We’ve come across a lot of people who have asked us which type of oil is best for x, y, and z so we decided to come up with a simple guide to assist you in selecting the best oils for your kitchen. When it comes to preparing food with heat, the most important factor is the smoke point of the oil you are using.
What’s a smoke point? It’s the temperature at which the oil breaks down into glycerol and fatty acids. When this temperature is reached, you will literally see smoke being produced from the oil.
Why is the smoke point so crucial? Once oil has reached its smoke point, further heating of the oil can produce harmful free radicals (which have been linked to cancer). It’s important to carefully select the proper oils for different types of cooking. Those with lower smoke points should be used for low/no-heat food preparation, while those with higher smoke points should be used for cooking that requires high heat. Check out this useful chart to guide you through smoke points for different oils.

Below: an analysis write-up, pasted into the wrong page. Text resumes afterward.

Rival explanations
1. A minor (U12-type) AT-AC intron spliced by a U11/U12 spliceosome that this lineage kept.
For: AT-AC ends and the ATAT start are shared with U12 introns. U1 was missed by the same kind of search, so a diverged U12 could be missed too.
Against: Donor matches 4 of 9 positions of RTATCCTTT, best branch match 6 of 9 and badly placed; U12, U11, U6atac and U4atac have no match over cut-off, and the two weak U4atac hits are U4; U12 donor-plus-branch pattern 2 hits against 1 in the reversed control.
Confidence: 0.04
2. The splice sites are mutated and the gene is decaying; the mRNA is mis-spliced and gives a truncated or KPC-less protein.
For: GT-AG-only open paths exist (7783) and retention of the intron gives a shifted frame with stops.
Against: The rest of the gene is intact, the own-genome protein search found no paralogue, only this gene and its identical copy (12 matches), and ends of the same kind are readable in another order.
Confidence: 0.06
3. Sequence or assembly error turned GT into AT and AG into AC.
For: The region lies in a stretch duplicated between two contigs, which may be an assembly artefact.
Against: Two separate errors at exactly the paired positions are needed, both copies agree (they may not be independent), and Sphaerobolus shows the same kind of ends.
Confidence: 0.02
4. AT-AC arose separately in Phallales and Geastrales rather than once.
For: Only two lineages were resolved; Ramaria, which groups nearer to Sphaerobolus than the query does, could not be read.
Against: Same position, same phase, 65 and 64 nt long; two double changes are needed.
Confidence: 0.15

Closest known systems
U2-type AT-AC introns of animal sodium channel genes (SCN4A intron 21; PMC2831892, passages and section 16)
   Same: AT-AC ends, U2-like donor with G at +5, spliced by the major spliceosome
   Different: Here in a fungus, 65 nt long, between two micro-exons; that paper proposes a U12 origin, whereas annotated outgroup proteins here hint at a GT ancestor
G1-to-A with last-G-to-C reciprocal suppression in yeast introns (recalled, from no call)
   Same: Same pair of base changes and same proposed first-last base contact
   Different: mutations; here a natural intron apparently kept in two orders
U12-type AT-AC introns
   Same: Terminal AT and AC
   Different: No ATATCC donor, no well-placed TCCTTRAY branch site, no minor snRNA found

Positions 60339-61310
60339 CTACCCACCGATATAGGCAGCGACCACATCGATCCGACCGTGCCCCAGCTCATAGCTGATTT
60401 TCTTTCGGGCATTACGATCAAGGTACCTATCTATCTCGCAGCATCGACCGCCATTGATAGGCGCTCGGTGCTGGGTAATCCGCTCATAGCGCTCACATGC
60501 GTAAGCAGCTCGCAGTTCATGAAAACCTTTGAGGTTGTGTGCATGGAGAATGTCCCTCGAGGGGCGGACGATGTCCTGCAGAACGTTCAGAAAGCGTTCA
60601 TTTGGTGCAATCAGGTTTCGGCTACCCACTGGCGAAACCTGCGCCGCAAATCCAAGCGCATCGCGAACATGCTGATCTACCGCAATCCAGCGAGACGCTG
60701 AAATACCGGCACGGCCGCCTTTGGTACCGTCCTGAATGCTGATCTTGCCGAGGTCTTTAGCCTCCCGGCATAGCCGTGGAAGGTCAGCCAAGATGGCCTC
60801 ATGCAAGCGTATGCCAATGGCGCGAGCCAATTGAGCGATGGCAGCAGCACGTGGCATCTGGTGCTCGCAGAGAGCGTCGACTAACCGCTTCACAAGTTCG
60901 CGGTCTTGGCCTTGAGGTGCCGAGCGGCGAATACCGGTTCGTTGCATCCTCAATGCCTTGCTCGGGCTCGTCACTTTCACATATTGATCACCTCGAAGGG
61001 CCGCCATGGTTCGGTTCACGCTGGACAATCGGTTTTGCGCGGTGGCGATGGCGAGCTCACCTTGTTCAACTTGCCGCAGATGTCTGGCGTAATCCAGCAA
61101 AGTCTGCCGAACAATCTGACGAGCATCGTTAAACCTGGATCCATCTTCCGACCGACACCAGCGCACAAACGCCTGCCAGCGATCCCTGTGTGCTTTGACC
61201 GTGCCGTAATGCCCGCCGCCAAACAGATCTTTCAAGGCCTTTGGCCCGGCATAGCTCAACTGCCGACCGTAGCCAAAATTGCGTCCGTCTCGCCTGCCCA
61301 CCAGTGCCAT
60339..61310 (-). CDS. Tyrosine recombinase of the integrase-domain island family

How do Omega 3s and Omega 6s fall into play? Omega-6 fatty acids are pro-inflammatory acids found in safflower, sunflower, corn, and soybean oil. Omega-3’s are anti-inflammatory acids found in canola, flaxseed, walnut, and hemp oils. Both of these are polyunsaturated fatty acids and offer health benefits, but various studies have shown that our ratio of Omega 6 to Omega 3 intake is tremendously unbalanced. We are consuming way too many Omega 6 oils and not nearly enough Omega 3s. This is because Omega 6’s are heavily used in the preparation of processed foods, which is something we love here in the United States. The unbalance between these two essential fatty acids has been linked to the development of many diseases including cardiovascular disease, colorectal and breast cancer, and inflammatory disease.
What’s the take home message? If using oils to cook food, aim to use Omega 3s (canola, flaxseed, walnut, hemp), and minimize the use of Omega 6s (corn, soy, sunflower). You can also use monounsaturated oils, which include almond, avocado, and hazelnut oils. Many of them have high smoke points, which make them optimal for high heat cooking. Olive oil is another monounsaturated oil, however, most extra virgin olive oils have a very low smoke point. Instead, use extra virgin olive oil for non-cooked dishes, such as salad dressings and seasonings.
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